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October 31, 2017


February 23rd, 1942

New York City, New York

Gracile fingers brushed the handle of his telephone, much too accustomed to its weight and the greasy depressions of the keys. It had gone through unfathomable abuse over the decades – a pristine model in its time – and had served its master well, call after call after call.

These calls did not end well. A man of his profession could not afford to become attached to the voice on the other line: the weather-beaten mother, the exhausted father, the foodless child. Yet, time and time again, he found it impossible to maneuver without immense empathy.

The Germans had unleashed their fury on Europe eight months prior, and it was his job to clean up the aftermath. He experienced the cultures of the world through that telephone, speaking to a Soviet haberdasher one moment and an impoverished Jew the next, uncomfortable with their fate in his hands. And fate, as he knew too well, was a fragile, fickle thing.

Oui, oui, je comprends,” A minutely vexed voice, even slighter than the man to whom it belonged, struggled to project. French felt foreign on his tongue – flighty. Each word was subject to dissipate and shed its meaning as soon as it passed his lips “Ah, merci. Au revoir.

The earpiece clicked solemnly as he returned it to the receiver. Fragments of the conversation plagued his mind yet, impenetrable even to the sheets of rain that bombarded the corner window. War! Death! Suffering! In and out of his ear every minute of every day! Little solace was to be found in the stillness that ensued, so congested was his head.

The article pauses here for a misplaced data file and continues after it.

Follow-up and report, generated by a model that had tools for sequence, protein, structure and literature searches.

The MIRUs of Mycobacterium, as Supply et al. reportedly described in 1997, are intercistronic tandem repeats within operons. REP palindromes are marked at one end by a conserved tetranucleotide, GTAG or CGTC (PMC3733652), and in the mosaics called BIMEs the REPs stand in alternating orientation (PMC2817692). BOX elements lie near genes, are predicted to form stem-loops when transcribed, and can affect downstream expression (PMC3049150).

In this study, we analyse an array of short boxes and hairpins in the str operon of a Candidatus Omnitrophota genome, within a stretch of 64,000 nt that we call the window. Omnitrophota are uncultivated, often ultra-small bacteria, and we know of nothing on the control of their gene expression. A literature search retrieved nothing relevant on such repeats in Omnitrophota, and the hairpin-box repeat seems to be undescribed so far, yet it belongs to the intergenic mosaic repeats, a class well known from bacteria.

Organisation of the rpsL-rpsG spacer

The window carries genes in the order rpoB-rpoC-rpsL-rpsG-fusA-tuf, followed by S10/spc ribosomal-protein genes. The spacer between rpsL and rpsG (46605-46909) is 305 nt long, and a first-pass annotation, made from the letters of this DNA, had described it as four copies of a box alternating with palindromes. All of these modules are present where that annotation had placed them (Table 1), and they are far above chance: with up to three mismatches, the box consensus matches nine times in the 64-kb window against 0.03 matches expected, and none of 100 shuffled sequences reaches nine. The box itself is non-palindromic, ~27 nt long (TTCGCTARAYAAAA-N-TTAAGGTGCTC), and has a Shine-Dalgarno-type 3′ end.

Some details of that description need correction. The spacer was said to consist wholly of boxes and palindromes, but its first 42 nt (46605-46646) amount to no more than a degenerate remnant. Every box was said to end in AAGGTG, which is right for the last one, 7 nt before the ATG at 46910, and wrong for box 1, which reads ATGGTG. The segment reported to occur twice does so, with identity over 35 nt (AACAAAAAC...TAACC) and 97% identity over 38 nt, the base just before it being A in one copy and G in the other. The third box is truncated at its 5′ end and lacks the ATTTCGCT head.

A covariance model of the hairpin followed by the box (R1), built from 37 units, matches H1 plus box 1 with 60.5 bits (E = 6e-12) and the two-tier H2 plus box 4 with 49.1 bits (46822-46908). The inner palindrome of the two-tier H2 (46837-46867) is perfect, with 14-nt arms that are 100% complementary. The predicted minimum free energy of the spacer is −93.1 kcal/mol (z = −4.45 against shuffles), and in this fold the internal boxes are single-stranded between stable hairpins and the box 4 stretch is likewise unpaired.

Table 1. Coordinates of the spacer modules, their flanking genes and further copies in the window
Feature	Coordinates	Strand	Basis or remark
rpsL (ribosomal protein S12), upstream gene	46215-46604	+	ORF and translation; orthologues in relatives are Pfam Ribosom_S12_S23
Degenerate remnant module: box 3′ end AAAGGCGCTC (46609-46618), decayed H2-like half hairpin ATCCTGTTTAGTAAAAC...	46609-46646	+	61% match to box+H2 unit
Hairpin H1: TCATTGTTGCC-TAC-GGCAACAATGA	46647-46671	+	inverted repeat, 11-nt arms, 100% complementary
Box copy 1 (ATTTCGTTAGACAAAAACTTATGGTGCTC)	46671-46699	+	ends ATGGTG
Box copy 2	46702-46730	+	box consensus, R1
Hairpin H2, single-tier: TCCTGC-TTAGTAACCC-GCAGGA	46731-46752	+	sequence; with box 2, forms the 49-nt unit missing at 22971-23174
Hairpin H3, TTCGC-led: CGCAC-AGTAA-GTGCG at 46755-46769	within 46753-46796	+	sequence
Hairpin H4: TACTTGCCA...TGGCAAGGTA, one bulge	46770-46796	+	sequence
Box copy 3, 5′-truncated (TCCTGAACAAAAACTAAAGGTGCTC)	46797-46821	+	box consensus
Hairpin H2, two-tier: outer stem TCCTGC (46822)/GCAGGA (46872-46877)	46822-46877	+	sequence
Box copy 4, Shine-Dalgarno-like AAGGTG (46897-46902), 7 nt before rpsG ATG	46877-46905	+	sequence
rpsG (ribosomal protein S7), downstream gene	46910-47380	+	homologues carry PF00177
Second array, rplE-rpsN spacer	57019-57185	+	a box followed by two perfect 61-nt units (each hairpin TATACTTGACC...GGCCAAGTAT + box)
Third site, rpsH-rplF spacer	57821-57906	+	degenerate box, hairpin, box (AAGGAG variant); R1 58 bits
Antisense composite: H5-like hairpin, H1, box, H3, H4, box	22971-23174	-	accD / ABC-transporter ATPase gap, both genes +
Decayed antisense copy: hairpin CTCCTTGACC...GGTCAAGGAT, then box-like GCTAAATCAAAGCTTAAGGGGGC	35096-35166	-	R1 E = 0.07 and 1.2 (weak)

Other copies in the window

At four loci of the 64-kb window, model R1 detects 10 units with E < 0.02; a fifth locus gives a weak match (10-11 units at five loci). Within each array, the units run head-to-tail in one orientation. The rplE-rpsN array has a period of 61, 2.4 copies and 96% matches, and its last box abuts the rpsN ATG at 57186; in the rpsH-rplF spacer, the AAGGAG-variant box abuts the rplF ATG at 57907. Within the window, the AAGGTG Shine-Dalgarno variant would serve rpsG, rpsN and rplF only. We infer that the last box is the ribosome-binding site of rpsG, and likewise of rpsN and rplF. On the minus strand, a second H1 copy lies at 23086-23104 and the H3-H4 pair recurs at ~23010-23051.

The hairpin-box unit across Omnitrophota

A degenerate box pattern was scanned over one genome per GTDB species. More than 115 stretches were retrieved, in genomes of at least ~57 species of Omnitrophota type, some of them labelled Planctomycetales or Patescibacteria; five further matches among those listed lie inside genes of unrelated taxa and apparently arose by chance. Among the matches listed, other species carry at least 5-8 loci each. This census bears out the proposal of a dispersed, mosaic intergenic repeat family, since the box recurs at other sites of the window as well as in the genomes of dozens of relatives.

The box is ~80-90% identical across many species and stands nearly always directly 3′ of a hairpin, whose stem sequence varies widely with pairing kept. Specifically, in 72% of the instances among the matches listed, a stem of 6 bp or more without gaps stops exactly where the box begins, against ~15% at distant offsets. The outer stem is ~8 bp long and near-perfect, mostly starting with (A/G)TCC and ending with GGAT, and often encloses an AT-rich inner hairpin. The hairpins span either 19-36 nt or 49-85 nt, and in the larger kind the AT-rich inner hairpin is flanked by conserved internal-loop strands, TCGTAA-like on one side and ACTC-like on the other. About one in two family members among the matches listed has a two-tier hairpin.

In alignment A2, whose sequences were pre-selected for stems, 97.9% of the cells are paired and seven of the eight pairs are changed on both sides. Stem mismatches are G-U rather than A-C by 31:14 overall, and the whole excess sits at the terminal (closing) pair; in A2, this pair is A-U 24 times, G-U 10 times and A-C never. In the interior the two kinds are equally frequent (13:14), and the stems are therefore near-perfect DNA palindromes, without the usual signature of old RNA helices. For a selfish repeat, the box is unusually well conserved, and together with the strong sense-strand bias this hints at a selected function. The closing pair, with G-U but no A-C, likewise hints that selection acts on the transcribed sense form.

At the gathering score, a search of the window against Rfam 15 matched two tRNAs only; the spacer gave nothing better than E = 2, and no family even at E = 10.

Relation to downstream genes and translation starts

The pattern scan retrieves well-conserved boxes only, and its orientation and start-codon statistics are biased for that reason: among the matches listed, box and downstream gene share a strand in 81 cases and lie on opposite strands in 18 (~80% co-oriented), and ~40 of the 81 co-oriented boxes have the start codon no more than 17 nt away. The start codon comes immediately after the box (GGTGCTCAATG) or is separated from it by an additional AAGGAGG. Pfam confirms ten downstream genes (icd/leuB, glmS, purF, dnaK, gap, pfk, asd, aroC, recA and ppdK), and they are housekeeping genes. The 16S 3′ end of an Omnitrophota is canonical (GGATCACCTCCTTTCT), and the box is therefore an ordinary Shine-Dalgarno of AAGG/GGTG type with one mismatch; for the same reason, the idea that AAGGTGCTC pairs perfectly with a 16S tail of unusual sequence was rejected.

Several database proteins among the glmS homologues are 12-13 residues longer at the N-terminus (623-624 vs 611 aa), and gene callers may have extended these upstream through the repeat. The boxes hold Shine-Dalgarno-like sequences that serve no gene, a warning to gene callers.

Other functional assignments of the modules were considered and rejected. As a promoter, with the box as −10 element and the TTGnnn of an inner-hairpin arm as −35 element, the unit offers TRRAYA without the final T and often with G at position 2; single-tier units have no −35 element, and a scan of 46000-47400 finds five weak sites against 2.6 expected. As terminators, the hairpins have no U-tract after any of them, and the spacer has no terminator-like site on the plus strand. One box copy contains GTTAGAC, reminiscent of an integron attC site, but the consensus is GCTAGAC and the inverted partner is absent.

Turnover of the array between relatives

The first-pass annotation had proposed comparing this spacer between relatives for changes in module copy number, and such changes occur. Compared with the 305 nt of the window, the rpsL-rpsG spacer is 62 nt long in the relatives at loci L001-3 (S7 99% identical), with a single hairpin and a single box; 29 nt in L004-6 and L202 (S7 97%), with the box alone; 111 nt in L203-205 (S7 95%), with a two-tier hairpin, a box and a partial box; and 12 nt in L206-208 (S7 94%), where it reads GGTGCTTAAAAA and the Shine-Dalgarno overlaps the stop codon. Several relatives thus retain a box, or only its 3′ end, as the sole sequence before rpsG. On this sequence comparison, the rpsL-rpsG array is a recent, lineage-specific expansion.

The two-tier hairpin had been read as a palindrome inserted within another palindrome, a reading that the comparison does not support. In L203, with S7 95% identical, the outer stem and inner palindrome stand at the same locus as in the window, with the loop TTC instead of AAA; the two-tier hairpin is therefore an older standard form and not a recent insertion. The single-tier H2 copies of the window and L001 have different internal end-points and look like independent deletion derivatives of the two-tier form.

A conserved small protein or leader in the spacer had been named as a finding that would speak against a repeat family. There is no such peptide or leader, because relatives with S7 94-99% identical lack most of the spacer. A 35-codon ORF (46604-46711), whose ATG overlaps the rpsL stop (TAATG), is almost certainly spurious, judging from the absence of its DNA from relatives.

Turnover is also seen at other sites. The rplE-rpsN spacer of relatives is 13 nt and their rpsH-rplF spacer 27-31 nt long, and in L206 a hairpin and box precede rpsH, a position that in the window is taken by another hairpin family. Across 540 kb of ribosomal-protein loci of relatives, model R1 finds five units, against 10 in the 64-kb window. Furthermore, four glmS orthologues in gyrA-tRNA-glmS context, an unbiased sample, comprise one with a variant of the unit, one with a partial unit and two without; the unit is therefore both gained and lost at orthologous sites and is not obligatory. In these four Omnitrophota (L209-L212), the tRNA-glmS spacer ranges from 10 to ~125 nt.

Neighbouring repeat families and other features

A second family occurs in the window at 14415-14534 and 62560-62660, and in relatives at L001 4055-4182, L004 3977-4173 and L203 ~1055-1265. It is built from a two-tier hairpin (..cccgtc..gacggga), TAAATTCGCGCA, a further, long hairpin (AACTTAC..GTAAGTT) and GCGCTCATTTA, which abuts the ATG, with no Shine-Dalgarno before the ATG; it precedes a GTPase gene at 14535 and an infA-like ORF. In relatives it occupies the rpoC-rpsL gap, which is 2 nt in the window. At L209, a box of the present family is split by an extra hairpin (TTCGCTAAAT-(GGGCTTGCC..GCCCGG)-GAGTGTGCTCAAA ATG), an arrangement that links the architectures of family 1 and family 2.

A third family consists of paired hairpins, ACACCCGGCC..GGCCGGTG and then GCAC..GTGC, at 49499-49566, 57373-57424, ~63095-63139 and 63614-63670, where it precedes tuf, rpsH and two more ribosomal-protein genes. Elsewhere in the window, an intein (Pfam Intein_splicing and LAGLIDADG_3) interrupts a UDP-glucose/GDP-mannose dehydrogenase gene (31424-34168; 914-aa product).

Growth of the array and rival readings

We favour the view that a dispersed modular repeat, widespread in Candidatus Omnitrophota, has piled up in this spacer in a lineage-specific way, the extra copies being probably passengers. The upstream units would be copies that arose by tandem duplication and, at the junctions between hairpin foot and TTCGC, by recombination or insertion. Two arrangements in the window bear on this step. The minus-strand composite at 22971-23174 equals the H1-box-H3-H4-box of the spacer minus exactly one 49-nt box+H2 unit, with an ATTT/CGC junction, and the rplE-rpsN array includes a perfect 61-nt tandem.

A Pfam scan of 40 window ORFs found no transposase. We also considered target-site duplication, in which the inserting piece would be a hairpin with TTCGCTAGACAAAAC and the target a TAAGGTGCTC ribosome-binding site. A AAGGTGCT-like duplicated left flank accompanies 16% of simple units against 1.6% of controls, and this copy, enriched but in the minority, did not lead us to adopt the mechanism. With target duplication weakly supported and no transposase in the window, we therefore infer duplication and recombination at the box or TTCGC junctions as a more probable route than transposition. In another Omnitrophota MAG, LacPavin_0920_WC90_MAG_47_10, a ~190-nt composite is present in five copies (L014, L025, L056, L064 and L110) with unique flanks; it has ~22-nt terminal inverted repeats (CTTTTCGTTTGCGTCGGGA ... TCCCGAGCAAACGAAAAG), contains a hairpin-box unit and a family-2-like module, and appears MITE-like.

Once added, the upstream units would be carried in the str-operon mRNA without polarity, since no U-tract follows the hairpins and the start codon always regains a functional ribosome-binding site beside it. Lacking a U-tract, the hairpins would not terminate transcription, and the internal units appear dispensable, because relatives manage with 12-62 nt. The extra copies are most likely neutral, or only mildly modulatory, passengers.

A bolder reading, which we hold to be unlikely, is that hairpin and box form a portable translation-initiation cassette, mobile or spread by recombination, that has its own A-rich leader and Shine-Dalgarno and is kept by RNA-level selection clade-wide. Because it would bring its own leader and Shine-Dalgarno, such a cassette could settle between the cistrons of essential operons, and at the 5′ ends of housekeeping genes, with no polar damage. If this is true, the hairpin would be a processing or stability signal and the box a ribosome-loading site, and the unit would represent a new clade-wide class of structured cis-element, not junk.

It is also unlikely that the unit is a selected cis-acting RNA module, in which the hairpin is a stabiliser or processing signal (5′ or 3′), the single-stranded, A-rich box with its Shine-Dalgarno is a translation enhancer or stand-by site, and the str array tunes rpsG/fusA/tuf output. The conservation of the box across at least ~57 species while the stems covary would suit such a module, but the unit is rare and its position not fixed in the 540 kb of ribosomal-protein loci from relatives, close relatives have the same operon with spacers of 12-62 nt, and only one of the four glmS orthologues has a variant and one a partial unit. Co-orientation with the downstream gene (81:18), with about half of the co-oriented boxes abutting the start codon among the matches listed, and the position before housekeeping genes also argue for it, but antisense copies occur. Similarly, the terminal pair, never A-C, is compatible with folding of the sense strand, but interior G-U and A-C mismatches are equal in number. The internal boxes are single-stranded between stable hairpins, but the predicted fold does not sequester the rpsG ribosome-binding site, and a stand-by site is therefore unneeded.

Droplets slithered down the grimy panes. Thick yellow light refracted through each square of glass and quivered in an array of suspended dust. The city itself lapsed into a pregnant silence, reluctant to disturb such a sorrowful scene.

Oy, what a mess. What a mess.

He pressed the flat of his palm against a gravely sculptured cheekbone, skewing the shadows on his face an inch to the left. Sometimes he wished he had joined the war. To function as a machine, a soldier, cold and bleak and vacant – to lay down his inhibitions and flee these horrid decisions. Then the burden of obligation would not rest so cumbersomely on his shoulders.

He had already abandoned his chance to fight. A man like him, anxious to live and anxious to die, did not belong amongst the brutality of the battlefield. As long as men marched with guns slung across their shoulders, he would tend the telephone in his office and heed the woes of the war-stricken. Did the clouds not weep for them? The streets, the brownstones, the sycamores and the blue jays; the mothers who sewed, the fathers who worked, the children who played: did they not weep with abandon? He, too, shed tears for those he helped and for those he could not.

The notion of violence nauseated him.

A shrill ring shook the thoughts from his head and, swinging around like a piston, a now pallid hand reached out to accommodate the call.

“Jude! Yes, yes, put her through.”

His thin lips pursed tightly in trepidation, but the voice that greeted him was not one of a doting wife. A small tenor belonging to a boy no older than three years piped up at the opposite end.

     “Abel? Yes – I am – shush now, how is your brother? Your sister? And you, tateleh?”

       Eyes heavy with fatigue sought the wet pavement beyond his window. Had the block always been so bustling with life?

       “I am coming home. Tell your mother – I am coming home.”

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